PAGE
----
Normal people don't need "unlimited free international roaming", and it's easy enough to just get a local SIM card if you are travelling alot or for extended time, so there just is no broad basis for instituting this change which has broader repurcussions.
You underestimate how often people travel in Europe. In some places you can hit four countries on a day out. At one location where I worked, it was so close to a border that inadvertent roaming was an (expensive) problem. Getting a local contract SIM is hard in many countries not your own. You often need to show proof of residence and prepaid can be significantly more expensive.
In any case, there is the issue of managing SIMs with call forwards/whatever. It is possible, but far from convenient.
it is not quite clear to me on what legal basis English Heritage can claim ownership of the photos one takes. IANAL, but to my mind they can't claim copyright:
They can assert their rights as a condition of entry to the property. This does happen also on entry to various museums which may explicitly forbid all photography or just commercial photography. If you photograph Stonehenge from somewhere else (especially from public land), then there can be no objection or claim to copyright.
# even if a building would be a "form of expression", it is not theirs (being listed as world heritage [unesco.org])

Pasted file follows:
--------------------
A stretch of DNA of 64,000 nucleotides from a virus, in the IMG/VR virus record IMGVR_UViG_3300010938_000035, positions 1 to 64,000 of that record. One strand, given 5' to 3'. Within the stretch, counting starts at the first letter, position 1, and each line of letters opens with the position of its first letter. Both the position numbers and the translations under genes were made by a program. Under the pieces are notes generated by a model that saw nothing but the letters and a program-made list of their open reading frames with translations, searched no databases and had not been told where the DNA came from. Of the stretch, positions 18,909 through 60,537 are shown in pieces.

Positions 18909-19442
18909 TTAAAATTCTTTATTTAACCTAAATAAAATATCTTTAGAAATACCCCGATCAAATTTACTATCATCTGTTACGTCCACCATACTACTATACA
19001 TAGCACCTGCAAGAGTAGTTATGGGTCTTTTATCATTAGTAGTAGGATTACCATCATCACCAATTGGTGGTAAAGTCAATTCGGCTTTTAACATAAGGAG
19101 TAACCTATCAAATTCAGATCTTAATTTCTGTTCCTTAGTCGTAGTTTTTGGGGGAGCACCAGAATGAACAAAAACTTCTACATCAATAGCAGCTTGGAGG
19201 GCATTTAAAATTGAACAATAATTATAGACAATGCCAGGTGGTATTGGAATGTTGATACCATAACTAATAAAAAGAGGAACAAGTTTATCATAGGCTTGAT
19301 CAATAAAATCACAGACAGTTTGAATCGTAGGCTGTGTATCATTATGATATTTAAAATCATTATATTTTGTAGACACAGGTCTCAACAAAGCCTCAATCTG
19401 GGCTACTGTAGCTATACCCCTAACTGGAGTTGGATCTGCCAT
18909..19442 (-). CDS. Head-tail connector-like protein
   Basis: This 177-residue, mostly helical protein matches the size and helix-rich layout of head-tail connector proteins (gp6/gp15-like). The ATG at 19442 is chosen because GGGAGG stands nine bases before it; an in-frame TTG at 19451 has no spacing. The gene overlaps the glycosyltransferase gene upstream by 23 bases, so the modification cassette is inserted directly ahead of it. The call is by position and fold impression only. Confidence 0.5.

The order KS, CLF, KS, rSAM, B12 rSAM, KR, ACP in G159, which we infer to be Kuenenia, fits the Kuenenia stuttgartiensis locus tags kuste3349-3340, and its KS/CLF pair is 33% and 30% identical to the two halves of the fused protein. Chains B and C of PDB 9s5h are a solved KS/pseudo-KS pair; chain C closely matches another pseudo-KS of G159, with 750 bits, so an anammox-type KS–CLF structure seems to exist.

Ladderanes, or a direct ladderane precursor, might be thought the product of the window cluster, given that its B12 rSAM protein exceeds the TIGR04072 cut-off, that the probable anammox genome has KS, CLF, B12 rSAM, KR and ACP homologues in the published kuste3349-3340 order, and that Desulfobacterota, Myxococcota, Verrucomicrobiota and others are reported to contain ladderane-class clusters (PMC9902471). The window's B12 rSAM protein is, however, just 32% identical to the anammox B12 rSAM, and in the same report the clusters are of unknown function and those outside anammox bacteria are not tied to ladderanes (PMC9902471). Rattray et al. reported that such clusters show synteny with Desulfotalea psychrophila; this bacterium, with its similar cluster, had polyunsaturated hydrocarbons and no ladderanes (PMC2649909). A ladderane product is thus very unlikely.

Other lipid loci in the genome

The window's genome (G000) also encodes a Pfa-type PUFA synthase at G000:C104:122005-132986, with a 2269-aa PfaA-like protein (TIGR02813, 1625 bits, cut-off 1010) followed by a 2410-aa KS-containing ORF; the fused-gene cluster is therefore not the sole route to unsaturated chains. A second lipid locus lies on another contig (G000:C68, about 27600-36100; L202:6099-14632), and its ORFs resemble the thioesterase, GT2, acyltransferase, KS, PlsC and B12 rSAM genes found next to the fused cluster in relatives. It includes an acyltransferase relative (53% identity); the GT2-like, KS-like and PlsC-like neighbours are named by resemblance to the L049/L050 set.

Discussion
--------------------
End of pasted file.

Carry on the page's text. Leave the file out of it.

The term "world heritage" is only a special designation which may give access to grants. It does not "belong" to UNESCO, it is theoretically under the 'ownership' of English Heritage.
The answer in short is - yes. A lot of the data on a passport is not encrypted at all because any country with a reader should be able to use it and the formats are well documented. At places like Defcon, most people do not have their passports with them so a demo is hard (except for the Feds) but it would be trivial in Asia or the Middle East where foreigners are obliged to carry them. Note that if you are trying to hack multiple RFIDs at a range, you probably will need a bit more power. RFIDs are powered by the interrogation signal.
Too many people are thinking of security instead of opportunity. They seem more afraid of life than death. -- James F. Byrnes